It's not easy getting Lucy Bailey on the phone. For a director who is reviving her production of Frederick Knott's play, Dial M For Murder, in which a telephone call plays a crucial part in a botched domestic homicide, this may be for the best. When contact is eventually made, it transpires that actor Iain Glen has been forced to drop out of Bailey's production of Turgenev's Fortune's Fool at the Old Vic theatre in London, and the headache of recasting and redirecting that show inbetween overseeing technical rehearsals for Dial M For Murder has left her little time for talking. Only when things settle down does Bailey have a chance to take stock on a show she first directed for the Fiery Angel company at West Yorkshire Playhouse in Leeds in 2009.
“It's very exciting,” Bailey says in Colchester, where Dial M For Murder opens prior to arriving in Edinburgh next week. “Sometimes going back to something you can get a bit haunted by what you were doing before, but my approach has just been to forget about it. I've cast very different actors this time round, so it's going to be different in that way. The technical side of things has been very much about 'What did we do last time?'. When we did it before, it was quite an intimate affair, so it's about trying to retain a sense of that as well.”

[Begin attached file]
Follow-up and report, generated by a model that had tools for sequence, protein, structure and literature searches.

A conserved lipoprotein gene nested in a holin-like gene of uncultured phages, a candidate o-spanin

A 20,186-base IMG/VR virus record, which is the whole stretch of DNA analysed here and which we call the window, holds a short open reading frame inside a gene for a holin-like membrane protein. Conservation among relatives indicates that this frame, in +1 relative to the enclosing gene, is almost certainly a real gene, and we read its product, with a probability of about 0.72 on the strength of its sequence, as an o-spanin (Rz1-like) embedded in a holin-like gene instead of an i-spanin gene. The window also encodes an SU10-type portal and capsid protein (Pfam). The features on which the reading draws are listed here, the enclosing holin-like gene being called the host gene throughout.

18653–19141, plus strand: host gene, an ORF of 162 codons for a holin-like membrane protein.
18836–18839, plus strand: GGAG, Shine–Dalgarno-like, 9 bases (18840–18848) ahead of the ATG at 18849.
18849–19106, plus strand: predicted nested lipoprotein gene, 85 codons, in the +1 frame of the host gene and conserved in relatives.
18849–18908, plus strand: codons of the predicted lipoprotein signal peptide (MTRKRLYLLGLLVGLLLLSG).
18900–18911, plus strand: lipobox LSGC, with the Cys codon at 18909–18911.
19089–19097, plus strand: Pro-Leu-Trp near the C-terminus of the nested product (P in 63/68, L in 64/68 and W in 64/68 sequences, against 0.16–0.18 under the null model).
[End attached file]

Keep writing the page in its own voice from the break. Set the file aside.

Knott's play might not be an obvious choice for Bailey, who was originally a flautist, before writing to Samuel Beckett while she was at Oxford to ask the writer's permission to stage his short story, Lessness. Looking at her design model, Beckett told Bailey that she'd got it all wrong, but let her do it anyway. Bailey went on to found radical music theatre company, The Gogmagogs, directed opera at Glyndebourne, and has worked extensively with the National Theatre and the Royal Shakespeare Company, where she has developed a reputation for a bloody and passionate approach to the bard. It is a similar sort of passion that Bailey has applied to Dial M For Murder.
“When I read it there was this basic feeling that it was a real page-turner,” Bailey says. “I always do this really childish thing, in that if I can't put a play down, then I have to do it.”
In this respect, Bailey sounds equally as obsessive as the play's author.